Admittedly, the BBC’s Vexed doesn’t contain any aliens, super-powers or other geek talking points. It’s a cop show, about a pair of mismatched partners and their attempts to solve crime, swinging towards the blacker comic end of the comedy-drama scale.
If I had to compare it to any existing geek fare, it would be Life On Mars, albeit with all the implied time travel extracted. I’m bringing it to your attention because Vexed is written by Howard Overman, who also scribed the award-winning Misfits. So, is his take on the police as good as the acclaimed super-swearing show?
Is it really about police work?
Let’s be clear, I enjoyed this a lot. It didn’t make me think or cry, but did leave me grinning from ear to ear. In a world where people often die in agony, that’s more than enough. It attempts to blend comedy, satire and even police mystery-solving in a way that isn’t seamless, but does create something unique.
Comparisons have been drawn with Green Wing, the surrealist hospital sitcom, but I don’t think the police work in Vexed is quite as irrelevant as the medicine there. In fact, the mysteries have more than enough twists to carry an hour, before they even lay on the comedy.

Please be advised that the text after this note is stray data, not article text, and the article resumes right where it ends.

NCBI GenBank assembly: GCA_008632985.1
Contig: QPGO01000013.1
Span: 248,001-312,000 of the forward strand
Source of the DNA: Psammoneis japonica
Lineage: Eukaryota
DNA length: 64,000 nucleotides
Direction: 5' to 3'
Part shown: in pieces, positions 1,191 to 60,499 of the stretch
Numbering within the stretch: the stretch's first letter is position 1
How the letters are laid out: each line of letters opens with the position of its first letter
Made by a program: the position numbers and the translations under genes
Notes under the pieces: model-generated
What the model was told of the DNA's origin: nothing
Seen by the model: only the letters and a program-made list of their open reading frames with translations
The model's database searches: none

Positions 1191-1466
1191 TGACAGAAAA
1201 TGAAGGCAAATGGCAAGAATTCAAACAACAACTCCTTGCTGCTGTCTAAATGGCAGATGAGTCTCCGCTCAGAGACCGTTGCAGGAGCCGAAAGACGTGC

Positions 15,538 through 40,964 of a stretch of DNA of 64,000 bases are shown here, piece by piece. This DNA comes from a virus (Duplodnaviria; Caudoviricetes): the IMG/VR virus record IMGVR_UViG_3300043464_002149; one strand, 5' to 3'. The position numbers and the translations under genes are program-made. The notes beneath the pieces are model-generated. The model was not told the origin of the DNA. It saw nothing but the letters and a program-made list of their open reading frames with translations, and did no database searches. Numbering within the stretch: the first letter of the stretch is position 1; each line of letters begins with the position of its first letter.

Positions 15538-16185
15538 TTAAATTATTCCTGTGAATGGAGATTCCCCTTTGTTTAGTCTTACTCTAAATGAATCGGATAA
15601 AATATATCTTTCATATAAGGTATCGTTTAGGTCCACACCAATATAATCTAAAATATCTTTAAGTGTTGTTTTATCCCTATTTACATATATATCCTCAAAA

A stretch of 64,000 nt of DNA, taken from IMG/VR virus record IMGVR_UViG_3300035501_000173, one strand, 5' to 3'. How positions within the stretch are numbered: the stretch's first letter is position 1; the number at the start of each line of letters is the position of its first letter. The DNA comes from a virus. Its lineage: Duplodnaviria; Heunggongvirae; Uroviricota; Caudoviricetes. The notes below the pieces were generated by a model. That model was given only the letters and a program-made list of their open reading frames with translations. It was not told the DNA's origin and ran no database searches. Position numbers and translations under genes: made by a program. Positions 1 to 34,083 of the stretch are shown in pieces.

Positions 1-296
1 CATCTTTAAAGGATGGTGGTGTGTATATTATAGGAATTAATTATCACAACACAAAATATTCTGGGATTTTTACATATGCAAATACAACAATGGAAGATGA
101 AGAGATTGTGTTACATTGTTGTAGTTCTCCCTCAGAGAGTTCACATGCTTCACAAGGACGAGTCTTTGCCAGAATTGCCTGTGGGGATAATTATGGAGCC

What’s the opposite of a critical darling?
So I liked Vexed, Twitter reception seemed broadly positive, but many disagree. In fact, googling the show after watching the first episode, I was alarmed to find that only The Guardian gave it a positive write-up. Other journalists thought it was clunky, silly and full of childish humour.
But the lines they cited as being clichéd and rubbish, I found amusing. (“They had so much in common… he loved cats…” “What, the musical?”) Yes, the performances by the leads, Toby Stephens and Lucy Punch, occasionally veer into panto, but it works because the rest of it is silly enough, and they manage to rein it in for the serious bits.
Alone with The Guardian, I conclude
Anyway, it may not be following Misfits into the BAFTA winners’ enclosure, but I thought Vexed was a great, fun series with a healthily large sense of its own ridiculousness. And, much like Sherlock, we’re only getting three episodes, so enjoy them while they last.
You can catch the first two episodes of Vexed on the BBC iplayer, with the third to follow this weekend.
Watch them, love them, comment below and let the world know whether you agree with me or, um, the majority of critics.